Tag Archives: The CW

Season Finale: Privileged – “All About a Brand New You!”

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“All About a Brand New You!”

February 24th, 2009

Falling out of love with Privileged was something that I did not do with a light heart. When the season started, the show felt like it had something most pilots didn’t, an X factor of sorts which made it worth spending time with due to its status as a teen show with heart and, more importantly, some intelligence. And the thing is that these two things haven’t fundamentally disappeared, per se, in the time since I last wrote about the show, but something of that initial spark is missing.

“All About a Brand New You!” feels like the show’s attempt at a return to form, and in terms of some of its characters it is a very successful investigation into individualism, placing Rose and Sage as equivalent to Ibsen’s Nora from A Doll’s House. But while the episode uses a large, showy event in order to showcase these changes, and gives both sisters a sense of independence and control over their destinies that serve their characters well, our heroine Megan is more or less hung out to dry with a sadsack relationship that holds no interest and, upon its end in the episode, no real dramatic weight. When the episode ends with a cliffhanger about the state of that relationship, one comes to two conclusions: that the show is awfully presumptive to end with a cliffhanger considering its uncertain future but that, even if it gets that chance to come back (my fingers do remain crossed) I don’t particularly feel like its resolution is going to change my views on the show’s romantic center.

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Gossip Girl – “You’ve Got Yale!” and House – “Painless”

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“You’ve Got Yale!”

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“Painless”

January 19th, 2009

After starting the season seemingly boosted by summer buzz and showing positive growth, Gossip Girl has been on a ratings and creative slide for quite some time. It is not so much that the show was great to begin with, but rather that it was showing an odd sort of complacency: rather than trading a period of angst and contrivance (mostly surrounding young Jenny) the show rights itself by introducing a mysterious son given up for adoption and by insisting that its central relationship is worth testing even when I, as a viewer, am convinced that it was dead a long time ago. “You’ve got Yale!,” despite its usual movie title-pun charm, feels like the show just doesn’t get it: whatever fun we might get from Blair going back on the warpath can’t possibly overcome the idea we’re supposed to care as much about Dan and Serena as Gossip Girl’s readers.

The funny thing is that House is in many ways going through the same problem: for weeks, the show has been focusing on Thirteen as a central source of drama and interest in a series that has always been most interesting when focused on its eponymous doctor. While it is ostensibly an ensemble, the show is really about House, and while the show’s tendency to have patients who reflect their doctor’s problems can on occasion be frustrating I was just kind of glad to finally have a patient who is about House instead. What “Painless” does wrong, though, is feel as if it needs to pile on the drama: House’s pain is enough reason for the show to stop and consider his illness, compounding that with more drama for Thirteen and Cuddy’s complete and total breakdown seems both false and overkill.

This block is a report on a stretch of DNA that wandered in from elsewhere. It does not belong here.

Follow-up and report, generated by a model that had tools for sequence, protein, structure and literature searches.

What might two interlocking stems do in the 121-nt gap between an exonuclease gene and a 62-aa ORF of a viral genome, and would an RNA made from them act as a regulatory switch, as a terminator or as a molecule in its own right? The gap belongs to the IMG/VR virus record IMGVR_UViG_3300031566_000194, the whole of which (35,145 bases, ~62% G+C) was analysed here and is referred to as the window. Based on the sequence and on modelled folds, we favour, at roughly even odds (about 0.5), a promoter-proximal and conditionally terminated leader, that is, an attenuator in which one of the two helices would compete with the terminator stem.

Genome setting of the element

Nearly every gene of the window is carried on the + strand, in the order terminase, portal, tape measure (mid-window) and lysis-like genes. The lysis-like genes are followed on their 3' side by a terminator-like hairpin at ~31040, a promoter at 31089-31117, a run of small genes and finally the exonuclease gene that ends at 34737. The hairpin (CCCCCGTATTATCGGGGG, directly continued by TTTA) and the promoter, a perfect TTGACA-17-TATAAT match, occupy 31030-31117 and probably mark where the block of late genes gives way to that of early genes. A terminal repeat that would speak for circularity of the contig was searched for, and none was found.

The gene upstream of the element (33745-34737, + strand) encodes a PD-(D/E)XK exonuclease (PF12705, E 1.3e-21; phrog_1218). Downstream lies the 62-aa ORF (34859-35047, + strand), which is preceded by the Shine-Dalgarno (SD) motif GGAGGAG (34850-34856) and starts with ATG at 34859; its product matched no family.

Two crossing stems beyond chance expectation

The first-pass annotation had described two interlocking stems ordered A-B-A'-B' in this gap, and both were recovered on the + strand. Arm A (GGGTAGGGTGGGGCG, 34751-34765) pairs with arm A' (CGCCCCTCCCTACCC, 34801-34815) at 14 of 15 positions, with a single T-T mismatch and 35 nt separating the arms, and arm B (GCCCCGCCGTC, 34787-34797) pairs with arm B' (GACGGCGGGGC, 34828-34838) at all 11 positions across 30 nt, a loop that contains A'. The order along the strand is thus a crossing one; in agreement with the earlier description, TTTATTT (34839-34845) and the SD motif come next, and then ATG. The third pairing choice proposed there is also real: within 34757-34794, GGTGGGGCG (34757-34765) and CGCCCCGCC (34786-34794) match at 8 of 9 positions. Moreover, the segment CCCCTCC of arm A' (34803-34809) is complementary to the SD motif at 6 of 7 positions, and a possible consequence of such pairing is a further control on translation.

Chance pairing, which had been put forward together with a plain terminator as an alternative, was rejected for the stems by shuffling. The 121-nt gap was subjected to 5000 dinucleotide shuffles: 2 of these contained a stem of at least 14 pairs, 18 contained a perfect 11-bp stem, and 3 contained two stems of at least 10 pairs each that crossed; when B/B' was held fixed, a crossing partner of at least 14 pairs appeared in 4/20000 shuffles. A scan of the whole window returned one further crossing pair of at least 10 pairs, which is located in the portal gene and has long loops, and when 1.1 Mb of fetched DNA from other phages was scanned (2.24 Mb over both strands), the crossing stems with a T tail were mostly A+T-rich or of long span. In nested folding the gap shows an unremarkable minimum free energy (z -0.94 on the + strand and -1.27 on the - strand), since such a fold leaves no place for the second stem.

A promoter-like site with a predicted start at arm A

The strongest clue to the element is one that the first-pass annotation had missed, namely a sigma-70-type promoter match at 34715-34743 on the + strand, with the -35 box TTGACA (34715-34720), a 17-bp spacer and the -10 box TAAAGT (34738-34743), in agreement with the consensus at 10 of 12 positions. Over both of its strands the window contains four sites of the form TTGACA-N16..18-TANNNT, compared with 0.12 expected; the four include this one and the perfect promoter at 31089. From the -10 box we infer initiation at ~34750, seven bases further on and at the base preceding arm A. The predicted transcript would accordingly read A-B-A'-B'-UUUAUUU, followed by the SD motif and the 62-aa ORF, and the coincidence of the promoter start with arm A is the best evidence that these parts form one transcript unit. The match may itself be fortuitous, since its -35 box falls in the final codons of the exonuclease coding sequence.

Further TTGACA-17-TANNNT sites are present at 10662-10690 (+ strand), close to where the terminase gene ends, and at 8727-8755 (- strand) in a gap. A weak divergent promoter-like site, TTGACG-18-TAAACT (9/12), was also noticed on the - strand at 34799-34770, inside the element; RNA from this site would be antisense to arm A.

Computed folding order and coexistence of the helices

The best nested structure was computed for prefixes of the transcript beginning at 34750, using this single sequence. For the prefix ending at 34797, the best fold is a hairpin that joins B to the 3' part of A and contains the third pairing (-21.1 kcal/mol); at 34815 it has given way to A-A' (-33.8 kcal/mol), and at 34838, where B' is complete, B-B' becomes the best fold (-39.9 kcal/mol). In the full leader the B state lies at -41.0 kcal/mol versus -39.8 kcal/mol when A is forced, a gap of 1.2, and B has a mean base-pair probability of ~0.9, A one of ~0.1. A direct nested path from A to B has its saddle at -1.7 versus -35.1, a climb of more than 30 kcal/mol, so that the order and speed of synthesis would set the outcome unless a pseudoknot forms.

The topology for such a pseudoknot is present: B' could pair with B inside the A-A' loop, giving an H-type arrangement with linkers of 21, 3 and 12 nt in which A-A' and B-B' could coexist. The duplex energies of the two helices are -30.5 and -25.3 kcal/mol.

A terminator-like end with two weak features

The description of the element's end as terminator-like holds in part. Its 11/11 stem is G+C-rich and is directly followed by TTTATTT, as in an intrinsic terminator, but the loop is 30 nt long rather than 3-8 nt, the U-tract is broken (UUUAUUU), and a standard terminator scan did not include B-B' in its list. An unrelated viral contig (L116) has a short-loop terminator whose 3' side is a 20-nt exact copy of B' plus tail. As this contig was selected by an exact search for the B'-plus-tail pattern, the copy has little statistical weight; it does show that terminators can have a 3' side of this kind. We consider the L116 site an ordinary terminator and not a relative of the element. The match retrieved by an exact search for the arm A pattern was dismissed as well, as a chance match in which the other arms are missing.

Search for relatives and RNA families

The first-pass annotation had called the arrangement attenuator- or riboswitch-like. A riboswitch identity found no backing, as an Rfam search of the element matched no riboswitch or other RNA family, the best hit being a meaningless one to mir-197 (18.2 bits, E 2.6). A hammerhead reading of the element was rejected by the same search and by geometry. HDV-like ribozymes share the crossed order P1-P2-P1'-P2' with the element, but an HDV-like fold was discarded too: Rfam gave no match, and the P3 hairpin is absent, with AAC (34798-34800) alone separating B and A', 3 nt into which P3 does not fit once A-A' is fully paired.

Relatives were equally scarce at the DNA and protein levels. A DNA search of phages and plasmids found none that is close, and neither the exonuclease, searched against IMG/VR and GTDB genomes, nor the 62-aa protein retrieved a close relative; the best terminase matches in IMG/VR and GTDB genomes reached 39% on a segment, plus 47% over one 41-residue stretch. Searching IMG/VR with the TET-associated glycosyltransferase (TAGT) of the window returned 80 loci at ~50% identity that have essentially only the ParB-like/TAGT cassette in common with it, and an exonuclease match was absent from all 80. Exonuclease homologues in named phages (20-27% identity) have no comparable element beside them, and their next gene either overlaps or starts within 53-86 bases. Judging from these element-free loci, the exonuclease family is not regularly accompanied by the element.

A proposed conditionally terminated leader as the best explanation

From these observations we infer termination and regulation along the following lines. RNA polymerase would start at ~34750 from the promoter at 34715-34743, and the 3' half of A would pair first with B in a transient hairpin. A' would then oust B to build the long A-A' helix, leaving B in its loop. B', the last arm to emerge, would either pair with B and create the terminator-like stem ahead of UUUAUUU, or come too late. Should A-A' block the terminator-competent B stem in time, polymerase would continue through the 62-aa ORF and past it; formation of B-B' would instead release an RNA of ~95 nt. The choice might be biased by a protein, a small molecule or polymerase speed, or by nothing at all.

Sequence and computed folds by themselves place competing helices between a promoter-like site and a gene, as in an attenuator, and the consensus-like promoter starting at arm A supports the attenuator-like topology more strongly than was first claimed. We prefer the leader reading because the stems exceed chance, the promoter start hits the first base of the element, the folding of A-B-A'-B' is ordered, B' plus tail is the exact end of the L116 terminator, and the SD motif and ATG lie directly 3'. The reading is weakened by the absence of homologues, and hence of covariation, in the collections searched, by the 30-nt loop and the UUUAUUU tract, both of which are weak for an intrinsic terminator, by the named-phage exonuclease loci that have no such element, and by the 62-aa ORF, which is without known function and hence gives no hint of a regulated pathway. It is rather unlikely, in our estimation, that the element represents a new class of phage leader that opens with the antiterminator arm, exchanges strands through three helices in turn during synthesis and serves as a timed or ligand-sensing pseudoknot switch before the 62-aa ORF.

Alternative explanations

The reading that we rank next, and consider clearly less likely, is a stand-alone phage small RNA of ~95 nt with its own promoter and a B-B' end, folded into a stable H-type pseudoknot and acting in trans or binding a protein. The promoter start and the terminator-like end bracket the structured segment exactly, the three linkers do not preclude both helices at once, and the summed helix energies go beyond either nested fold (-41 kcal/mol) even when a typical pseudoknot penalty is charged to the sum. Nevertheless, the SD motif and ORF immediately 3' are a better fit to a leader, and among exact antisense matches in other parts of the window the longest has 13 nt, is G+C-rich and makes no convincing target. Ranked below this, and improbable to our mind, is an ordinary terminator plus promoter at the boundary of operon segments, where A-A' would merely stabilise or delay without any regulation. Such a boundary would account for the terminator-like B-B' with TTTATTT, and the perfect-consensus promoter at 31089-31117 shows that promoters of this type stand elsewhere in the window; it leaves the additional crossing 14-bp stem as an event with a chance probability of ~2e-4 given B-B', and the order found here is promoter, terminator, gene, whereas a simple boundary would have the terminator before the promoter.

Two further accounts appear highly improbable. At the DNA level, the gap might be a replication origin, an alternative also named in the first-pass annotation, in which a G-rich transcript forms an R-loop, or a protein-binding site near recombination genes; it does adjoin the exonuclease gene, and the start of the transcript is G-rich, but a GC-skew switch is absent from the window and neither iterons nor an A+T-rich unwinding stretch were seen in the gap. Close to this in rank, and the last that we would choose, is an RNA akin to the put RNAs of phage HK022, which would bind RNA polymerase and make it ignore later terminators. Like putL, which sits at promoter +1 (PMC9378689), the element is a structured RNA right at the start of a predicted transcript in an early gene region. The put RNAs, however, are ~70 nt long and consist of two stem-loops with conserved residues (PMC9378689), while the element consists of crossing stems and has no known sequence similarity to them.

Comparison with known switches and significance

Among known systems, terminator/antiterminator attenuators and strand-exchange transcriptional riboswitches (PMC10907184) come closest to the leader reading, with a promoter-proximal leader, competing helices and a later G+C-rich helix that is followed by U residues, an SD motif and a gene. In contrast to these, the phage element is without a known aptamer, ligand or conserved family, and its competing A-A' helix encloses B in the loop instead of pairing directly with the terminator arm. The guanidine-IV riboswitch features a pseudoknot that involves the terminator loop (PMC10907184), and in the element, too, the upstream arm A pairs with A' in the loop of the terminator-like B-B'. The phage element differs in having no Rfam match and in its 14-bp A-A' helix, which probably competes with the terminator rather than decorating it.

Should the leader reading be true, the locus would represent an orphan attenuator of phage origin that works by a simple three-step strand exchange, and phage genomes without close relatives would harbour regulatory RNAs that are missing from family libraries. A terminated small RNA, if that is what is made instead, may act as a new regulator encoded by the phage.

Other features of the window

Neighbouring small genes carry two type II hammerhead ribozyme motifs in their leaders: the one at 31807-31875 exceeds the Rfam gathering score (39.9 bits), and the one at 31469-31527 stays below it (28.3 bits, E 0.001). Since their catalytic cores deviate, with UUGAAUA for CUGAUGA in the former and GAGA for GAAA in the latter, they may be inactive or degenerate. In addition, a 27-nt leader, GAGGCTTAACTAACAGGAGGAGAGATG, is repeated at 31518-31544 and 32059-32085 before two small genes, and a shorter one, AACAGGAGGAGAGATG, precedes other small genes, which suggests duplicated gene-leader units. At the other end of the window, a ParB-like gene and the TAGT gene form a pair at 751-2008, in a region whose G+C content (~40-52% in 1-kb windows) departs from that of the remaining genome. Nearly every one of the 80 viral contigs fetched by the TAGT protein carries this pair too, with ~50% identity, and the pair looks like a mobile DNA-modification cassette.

Neither show is going off the rails enough for me to be disinterested, but I remain skeptical about whether they know what they are doing isn’t working.

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Gossip Girl – “Oh Brother, Where Bart Thou?”

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“Oh Brother, Where Bart Thou?”

December 8th, 2008

I watched some solid television on Monday: I caught up with Dexter (a solid penultimate episode, but I’ll have some thoughts on the season as a whole after the finale), enjoyed the night’s episode of Chuck (an entertaining if highly improbable outing), and caught up with a bit more of FX’s Sons of Anarchy (I’d suggest checking it out). But, admittedly, I haven’t been limiting my television to more serialized outings: I also took some time to get through the last two discs of The O.C.: Season Two. And, ultimately, this means that despite all of that high caliber television I’ve watched over the past few days, it’s Gossip Girl that sent me to my laptop at 5am.

For those who don’t remember the final episodes from the second season of Josh Schwartz’s other show about elite, rich white people, they featured the tragic (if somewhat bittersweet) death of the show’s patriarch. What followed was an emotional rollercoaster of sorts, the various individuals most affected by his death spiraling into something approximating either utter despair (Kirsten’s alcoholism) or an odd sense of freedom (Julie reconnecting with a returned Jimmy). And while I found both of these developments to be either overplayed and out of character (See: alcoholism), or idealistically portrayed to contrast the season ending gunfire (See: Julie/Jimmy), I nonetheless felt that the death of Caleb Nickel was a death that resonated.